Dog with 'wonky' face named Picasso thriving in new home, owner says: 'Perfectly imperfect'

A dog born with a jaw deformity and named Picasso for his unique looks is thriving in his fur-ever home, his owner says.

The 3-year-old pup is happily enjoying a fairy-tail ending with owner Liesl Wilhardt, who runs Luvable Dog Rescue in Eugene, Ore. The pit bull-chihuahua-pomeranian mix was born with “wry mouth,” a deformity of the upper jaw, and was named Picasso for his resemblance to the artist’s famous style of work.

"People feel sorry for him at first because they think he was hurt. But he was born that way,” Wilhardt revealed in a new interview, per news agency South West News Service (SWNS.) “He is perfectly imperfect.”

Picasso is pit-bull, chihuahua and pomeranian mix and was born with "wry mouth" - an upper jaw deformity.

Picasso is pit-bull, chihuahua and pomeranian mix and was born with "wry mouth" - an upper jaw deformity. (SWNS)

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Though Picasso’s nose is slanted to the right and his mouth is pushed to the left, he can still eat, bark and play like any other dog. Wilhardt divulged that her one-of-a-kind pup can be a bit of a “messy eater,” as he can only lick toward the left, but has the most “amazing yawns” because of his unusual bone structure.

According to SWNS, Picasso and his brother Pablo, who did not suffer from wry mouth, were abandoned soon before Christmas in 2016. A few months later, Wilhardt, 51, adopted the pups, but tragedy would soon strike.

Liesl Wilhardt with Picasso. The dog earned his name for his lookalike resemblance to the artist’s famous style of work.

Liesl Wilhardt with Picasso. The dog earned his name for his lookalike resemblance to the artist’s famous style of work. (SWNS)

In October 2017, Pablo died of a brain aneurysm and his brother was forced to go on without him.

Fortunately, Picasso has welcomed Wilhardt’s eight other rescue dogs, two cats and a rescue pig called Pax into his life and adventures.

Picasso, right, poses with a puppy friend.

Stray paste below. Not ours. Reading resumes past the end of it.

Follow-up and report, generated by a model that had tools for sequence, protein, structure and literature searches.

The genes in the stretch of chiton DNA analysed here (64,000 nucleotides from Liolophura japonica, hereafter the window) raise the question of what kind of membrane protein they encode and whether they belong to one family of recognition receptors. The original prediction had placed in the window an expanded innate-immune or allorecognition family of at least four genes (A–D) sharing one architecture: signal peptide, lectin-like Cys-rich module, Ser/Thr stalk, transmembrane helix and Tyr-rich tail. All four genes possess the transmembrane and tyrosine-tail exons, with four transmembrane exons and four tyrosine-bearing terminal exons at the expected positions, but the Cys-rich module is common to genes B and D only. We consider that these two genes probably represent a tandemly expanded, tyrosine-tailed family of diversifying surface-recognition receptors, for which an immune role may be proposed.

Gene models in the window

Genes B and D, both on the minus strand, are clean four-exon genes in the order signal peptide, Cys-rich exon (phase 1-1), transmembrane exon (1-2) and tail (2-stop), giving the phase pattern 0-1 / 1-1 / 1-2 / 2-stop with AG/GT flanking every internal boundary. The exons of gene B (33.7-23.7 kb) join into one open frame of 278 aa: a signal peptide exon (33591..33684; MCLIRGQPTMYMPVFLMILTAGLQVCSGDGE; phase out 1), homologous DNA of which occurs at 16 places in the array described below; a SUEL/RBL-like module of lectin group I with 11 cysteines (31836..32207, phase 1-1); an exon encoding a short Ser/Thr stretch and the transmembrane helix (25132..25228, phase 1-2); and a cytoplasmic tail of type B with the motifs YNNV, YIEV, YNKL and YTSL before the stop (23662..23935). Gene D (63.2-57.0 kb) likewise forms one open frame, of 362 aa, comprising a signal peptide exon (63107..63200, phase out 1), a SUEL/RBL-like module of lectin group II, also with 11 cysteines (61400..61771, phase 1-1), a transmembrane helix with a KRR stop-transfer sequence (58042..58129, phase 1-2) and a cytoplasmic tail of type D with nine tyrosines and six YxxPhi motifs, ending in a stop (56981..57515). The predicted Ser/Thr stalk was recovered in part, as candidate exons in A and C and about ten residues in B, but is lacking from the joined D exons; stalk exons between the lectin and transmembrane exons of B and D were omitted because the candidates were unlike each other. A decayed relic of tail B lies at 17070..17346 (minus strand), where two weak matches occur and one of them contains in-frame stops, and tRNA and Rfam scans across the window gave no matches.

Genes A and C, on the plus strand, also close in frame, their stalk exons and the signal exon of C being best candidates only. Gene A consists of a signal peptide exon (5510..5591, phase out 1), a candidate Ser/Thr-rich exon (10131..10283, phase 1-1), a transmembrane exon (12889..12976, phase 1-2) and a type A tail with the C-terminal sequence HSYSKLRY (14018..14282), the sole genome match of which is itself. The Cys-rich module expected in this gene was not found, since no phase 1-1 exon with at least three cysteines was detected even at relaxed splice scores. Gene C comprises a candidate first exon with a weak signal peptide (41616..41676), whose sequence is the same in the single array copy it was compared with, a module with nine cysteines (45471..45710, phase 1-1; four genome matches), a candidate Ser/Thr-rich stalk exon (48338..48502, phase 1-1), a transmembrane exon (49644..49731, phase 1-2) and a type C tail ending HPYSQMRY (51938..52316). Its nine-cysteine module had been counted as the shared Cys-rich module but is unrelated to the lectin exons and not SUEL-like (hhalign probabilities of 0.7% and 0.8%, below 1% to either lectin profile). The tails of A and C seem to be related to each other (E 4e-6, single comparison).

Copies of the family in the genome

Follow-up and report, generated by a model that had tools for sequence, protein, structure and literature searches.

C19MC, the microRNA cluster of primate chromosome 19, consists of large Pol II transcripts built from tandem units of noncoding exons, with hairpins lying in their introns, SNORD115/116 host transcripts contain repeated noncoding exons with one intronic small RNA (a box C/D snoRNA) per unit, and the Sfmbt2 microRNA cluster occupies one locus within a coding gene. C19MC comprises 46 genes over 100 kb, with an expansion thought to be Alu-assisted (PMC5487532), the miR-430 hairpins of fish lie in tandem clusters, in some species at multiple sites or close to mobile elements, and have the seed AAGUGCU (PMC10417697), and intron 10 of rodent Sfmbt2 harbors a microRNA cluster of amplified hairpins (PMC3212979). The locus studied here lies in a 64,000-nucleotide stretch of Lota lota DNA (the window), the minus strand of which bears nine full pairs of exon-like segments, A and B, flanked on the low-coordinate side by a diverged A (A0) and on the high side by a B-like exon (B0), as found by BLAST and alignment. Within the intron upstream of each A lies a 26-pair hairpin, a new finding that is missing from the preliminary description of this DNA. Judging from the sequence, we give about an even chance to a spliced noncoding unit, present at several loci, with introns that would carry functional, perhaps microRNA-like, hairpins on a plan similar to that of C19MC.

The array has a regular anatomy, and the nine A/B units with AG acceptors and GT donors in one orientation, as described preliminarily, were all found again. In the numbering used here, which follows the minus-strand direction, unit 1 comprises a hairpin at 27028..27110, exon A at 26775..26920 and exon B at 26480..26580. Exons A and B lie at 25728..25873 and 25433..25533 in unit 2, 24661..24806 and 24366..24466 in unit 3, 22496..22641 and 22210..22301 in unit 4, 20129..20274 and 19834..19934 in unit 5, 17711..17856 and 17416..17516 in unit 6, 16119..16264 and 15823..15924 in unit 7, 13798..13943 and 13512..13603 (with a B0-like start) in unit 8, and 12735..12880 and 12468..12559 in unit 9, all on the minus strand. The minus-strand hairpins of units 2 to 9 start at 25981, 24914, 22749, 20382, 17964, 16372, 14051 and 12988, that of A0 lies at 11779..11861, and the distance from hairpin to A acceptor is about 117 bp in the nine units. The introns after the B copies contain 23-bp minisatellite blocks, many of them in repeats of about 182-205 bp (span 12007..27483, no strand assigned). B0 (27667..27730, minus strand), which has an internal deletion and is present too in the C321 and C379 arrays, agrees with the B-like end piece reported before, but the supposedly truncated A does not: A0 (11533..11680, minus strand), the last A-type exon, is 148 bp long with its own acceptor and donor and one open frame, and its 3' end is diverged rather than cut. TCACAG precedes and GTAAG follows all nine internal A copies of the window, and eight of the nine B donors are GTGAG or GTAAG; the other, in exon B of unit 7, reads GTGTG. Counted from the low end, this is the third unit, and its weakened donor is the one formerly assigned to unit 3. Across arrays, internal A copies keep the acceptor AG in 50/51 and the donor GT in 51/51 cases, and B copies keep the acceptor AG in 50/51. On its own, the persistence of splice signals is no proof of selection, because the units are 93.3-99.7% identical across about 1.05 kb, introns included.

Picasso, right, poses with a puppy friend. (SWNS)

Now, the shelter owner admits she can’t imagine life without her “best friend” Picasso.

"He is not in any pain and does not need corrective surgery. He can still do all the things other dogs can do,” Wilhardt explained. "He knows tricks and commands. He can play dead, wave, walk backward in circles, jump through hoops. You know it, he can do it.”

“I fell in love with his face right away. We are the best of friends,” she mused.

Picasso's condition has disfigured his face with his nose pushed to the right and his overbite pushed to the left - but he can still eat, bark and play like any other pooch.

Picasso's condition has disfigured his face with his nose pushed to the right and his overbite pushed to the left - but he can still eat, bark and play like any other pooch. (SWNS)

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When strangers first meet Picasso, they often assume that something “horrible” happened to explain his unusual looks, she continued, but they’re always quick to warm to his joyful personality.

"Once they know he isn't in any pain and nothing horrible happened to him, they relax and his appearance makes them laugh,” Wilhardt said.  "Nobody knows why some animals are born with this condition. Something just happens when they are developing in the womb.

Fans of Picasso can keep up with the pup on Instagram, where he boasts a following of 214,000.

As for puppy playmates, Picasso would likely become fast friends with Brodie, the German shepherd-border collie. Brodie has grown up with severe cranial and facial injuries after being attacked by his mother at just 13 days old. He and was recently adopted into a loving fur-ever home as well.

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